Far south in the polar domians of Heilgoland is another matter tho...

Tempestcrow said...

"...and if i catch a morbid ill, from Heigoland's most wretched chill..."

Anna of Sweden said...

I so wish I could get my hands on Australia´s Legends of Fantasy. Maybe it would bring back my joy for reading.

D.M. Cornish said...

Well, Anna the story that was published in there - "The Corsers' Hinge" - is looking rather likely to now be published with another shorter tale of mine as a two tale anthology in the new year. Given that my Swedish publishers dropped MBT before it was done, I doubt they will pick this new text up (tho you never know) here's praying that a UK edition might at least exist as well as an ANZ edition so that it might be simpler for you to get your hands on.

As to new languages, Lonely Scribe, Ben has it more or less correct: for Tolkien the languages came first, then the world around it as he needed reasons for the language to exist, whereas I had a list of names and a whole bunch of concepts that needed a single connecting notion. He was a philologist, he actually knew with academic clarity how languages are formed and how they transmute: I could not possibly compete with this nor do anything quite so brilliant as Sindarin and Quenya. More importantly, he invented these languages quite naturally, where as for me to do something similar at this point would be forced. For me plundering German, classical Greek, Latin, Dutch, Polish, Spanish, Anglosaxon, Old Norse and all the rest to simulate language has been natural, allowing me to express and employ my own fascination and wonder for how English came to be the remarkable language that it is (IMO).

To walk in Tolkien's path is not to copy him, it is to be guided along my own process through the inspiration of his process. It is not: he made a language so I must a language, he had elves so I must have elves, he had an evil overlord threatening world destruction so I must have an evil overlord threatening world destruction (tho I must confess his big map is why there is my big map); it is more the scale, the rigour for truthfulness within a fantastical setting, the vibe of the elves and of the ents and the wilds, the all-consuming convincingness of his writing and setting, the deep deep effect it had on me - these are the things that I want to emulate.

Great question, Lonely Scribe, thank you.

Alyosha said...

Thank you, Master Cornish for answering the question about Idaho – which, indirectly, also answers another question asked long ago about whether the Phelgms were a race of humanity, or rather some independent branch of manlike beings branched off from monter-kind. Idaho and Dido founding a new dynasty amongst the “modern humans” argues for the former.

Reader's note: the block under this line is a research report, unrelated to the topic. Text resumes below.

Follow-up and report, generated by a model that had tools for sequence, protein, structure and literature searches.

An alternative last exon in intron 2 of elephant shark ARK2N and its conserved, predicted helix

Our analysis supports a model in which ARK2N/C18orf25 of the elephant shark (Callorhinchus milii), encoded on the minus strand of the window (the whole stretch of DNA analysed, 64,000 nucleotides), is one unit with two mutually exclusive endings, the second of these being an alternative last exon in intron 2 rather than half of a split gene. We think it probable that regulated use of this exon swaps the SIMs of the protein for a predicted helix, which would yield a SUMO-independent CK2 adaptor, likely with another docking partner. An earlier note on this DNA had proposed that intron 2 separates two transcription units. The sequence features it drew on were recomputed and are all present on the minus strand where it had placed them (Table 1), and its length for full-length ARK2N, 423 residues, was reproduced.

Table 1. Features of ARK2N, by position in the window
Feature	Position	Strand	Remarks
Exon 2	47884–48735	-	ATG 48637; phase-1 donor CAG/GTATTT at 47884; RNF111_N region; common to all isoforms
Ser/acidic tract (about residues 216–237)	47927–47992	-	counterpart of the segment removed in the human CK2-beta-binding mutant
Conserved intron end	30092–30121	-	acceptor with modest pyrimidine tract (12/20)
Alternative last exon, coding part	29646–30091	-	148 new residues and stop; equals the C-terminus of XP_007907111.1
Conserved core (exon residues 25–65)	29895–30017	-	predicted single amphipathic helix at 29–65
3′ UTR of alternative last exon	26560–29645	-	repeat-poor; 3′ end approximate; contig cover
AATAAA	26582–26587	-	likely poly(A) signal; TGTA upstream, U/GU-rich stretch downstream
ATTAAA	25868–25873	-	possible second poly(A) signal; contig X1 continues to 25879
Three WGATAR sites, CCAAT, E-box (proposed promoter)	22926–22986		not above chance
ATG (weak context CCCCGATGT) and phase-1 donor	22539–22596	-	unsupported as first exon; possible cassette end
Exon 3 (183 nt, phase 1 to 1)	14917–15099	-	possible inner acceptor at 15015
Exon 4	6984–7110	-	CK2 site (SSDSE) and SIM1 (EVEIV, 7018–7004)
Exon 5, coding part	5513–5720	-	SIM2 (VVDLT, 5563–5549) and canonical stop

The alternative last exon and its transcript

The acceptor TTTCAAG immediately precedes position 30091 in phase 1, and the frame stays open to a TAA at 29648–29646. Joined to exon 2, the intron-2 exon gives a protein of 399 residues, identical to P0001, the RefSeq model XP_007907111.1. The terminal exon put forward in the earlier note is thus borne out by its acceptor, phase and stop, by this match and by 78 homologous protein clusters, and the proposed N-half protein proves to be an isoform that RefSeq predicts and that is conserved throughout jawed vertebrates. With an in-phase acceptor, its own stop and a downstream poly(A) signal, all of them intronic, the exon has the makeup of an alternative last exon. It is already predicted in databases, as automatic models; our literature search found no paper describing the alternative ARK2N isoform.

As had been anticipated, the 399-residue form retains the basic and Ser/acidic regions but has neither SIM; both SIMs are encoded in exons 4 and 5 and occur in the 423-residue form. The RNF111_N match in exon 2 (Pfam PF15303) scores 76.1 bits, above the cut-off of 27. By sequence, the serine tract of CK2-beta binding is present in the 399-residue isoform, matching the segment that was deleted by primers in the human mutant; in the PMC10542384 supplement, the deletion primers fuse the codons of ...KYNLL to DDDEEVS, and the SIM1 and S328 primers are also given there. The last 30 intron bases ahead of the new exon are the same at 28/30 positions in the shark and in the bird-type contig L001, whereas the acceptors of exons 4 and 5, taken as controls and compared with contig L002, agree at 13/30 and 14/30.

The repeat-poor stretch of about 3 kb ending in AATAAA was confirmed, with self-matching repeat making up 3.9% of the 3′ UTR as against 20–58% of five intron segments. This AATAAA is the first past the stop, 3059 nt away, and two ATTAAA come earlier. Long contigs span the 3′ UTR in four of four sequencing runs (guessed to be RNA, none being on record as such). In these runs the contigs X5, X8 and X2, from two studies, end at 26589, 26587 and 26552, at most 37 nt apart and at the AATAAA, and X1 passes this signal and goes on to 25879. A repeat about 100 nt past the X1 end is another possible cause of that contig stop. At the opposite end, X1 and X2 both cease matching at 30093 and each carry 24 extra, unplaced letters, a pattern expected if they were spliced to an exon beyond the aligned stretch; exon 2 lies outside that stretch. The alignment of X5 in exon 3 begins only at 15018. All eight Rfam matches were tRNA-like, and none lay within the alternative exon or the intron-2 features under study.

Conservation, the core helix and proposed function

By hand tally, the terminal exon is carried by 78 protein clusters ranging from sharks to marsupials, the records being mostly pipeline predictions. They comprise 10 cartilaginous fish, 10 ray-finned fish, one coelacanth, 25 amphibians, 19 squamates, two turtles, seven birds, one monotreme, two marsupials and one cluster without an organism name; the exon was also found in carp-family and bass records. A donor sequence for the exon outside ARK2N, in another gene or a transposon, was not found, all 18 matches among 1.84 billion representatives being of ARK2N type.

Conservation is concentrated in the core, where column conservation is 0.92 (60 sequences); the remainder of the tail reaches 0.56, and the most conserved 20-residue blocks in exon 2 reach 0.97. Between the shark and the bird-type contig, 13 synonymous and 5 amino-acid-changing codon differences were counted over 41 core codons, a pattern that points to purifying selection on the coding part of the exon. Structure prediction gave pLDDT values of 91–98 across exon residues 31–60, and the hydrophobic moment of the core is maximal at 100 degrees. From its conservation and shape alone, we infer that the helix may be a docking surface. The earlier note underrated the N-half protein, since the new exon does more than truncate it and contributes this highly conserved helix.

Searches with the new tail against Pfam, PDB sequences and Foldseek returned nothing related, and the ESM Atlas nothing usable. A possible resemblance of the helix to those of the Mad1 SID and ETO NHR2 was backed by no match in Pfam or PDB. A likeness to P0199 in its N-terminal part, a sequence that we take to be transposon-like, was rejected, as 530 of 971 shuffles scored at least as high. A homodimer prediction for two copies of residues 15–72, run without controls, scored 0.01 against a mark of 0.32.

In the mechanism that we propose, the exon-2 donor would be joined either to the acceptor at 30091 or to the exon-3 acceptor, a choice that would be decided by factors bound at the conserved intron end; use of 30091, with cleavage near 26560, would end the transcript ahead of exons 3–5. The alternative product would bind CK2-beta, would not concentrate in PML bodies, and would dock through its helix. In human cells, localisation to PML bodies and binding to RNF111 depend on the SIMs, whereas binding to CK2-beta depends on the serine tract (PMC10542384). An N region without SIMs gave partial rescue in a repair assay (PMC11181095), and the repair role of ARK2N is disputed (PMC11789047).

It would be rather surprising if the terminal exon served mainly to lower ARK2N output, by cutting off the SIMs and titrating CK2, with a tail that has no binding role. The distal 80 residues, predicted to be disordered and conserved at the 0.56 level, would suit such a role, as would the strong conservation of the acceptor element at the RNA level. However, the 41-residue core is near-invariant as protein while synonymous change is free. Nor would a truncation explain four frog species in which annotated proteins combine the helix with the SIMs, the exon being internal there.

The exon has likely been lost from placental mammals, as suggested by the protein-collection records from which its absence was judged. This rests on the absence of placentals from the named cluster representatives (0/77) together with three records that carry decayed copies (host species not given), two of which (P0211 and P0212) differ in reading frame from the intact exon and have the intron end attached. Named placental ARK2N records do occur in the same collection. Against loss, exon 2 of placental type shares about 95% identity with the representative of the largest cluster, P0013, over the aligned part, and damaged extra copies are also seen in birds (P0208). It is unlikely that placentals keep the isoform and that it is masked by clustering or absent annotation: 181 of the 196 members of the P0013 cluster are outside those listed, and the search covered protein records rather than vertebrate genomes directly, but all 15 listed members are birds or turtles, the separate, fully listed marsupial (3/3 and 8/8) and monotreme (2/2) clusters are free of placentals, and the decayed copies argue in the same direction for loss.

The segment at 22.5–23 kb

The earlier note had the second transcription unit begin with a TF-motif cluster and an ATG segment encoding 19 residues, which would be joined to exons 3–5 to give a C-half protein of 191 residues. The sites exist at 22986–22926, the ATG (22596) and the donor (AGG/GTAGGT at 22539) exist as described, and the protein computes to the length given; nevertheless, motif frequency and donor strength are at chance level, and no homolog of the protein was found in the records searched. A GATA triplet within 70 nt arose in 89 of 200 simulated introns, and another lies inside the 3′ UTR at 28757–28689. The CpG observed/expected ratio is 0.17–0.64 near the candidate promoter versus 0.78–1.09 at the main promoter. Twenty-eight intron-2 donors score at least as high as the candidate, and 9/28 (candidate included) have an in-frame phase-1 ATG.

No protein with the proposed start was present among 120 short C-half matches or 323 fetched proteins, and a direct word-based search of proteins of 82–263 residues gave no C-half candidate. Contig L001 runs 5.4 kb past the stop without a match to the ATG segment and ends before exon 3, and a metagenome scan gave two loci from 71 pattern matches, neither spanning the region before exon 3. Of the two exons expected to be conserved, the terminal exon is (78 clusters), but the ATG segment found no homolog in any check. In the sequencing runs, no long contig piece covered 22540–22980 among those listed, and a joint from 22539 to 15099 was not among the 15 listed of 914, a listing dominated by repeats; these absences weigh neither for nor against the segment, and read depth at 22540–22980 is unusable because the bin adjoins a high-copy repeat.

And thank you so much for the map. I too love a fine a map and can find myself fascinated by one of something as mundane as my own city. So a map of an exotic city like Brandenbrass (which leaves plenty of mystery in the Half Continent for our imaginations to work on) is better yet. But how I would love to see more detail than the computer screen allows! It would be great if you someday offered for sale prints of your maps and perhaps selected other illustrations (if your publisher allows that) from your books.

Anna said...

I´ll keep my fingers crossed. Sometimes the world feel really small and sometimes there is a world apart. Sigh.

Ben Bryddia said...

Mr. Cornish

Is there any chance of a USA edition of the anthology?

-Ben

D.M. Cornish said...

We will have to see, Mister Bryddia, but I certainly hope so. Such things are down to publishers and not me I am afraid.

Ben Bryddia said...

Merry Christmas all!

Just wanted to let you know that I've finally got all three Monster Blood Tattoo novels together on my shelf. I hadn't realized the UK editions didn't include a dust jacket. Hoping to add more books to it in future.

-Ben

abdul666 said...

Congratulations!

Never though of selling a license to publish a role playing game based on the universe of the Monster Blood Tattoo? It could also serve as a 'sourcebook' for 'wargaming'.
And perhaps a range of corresponding miniature figurines in the popular '28mm' size?
Kickstarters / Indiegogoes and the like are currently all the rage to launch new rules and new ranges of miniatures.


Best regards and wishes.

Meg said...

Beautifully done maps! I'd have to wallpaper my apartment with maps of the entire H-C to fully appreciate all their detail. I'm only halfway through Lamplighter and taking my sweet time rationing out the reading of it so it doesn't end so soon. (But I'm not worried about spoilers, as a delightful friend has already done me the fine service of announcing to me how Factotum ends. Grr.)

I found myself so inspired by the rich setting and fully realized characters that I've begun to write my first bit of fiction since high school (15 years ago, yikes!). So I find myself having a few questions that I hope someone can help me with.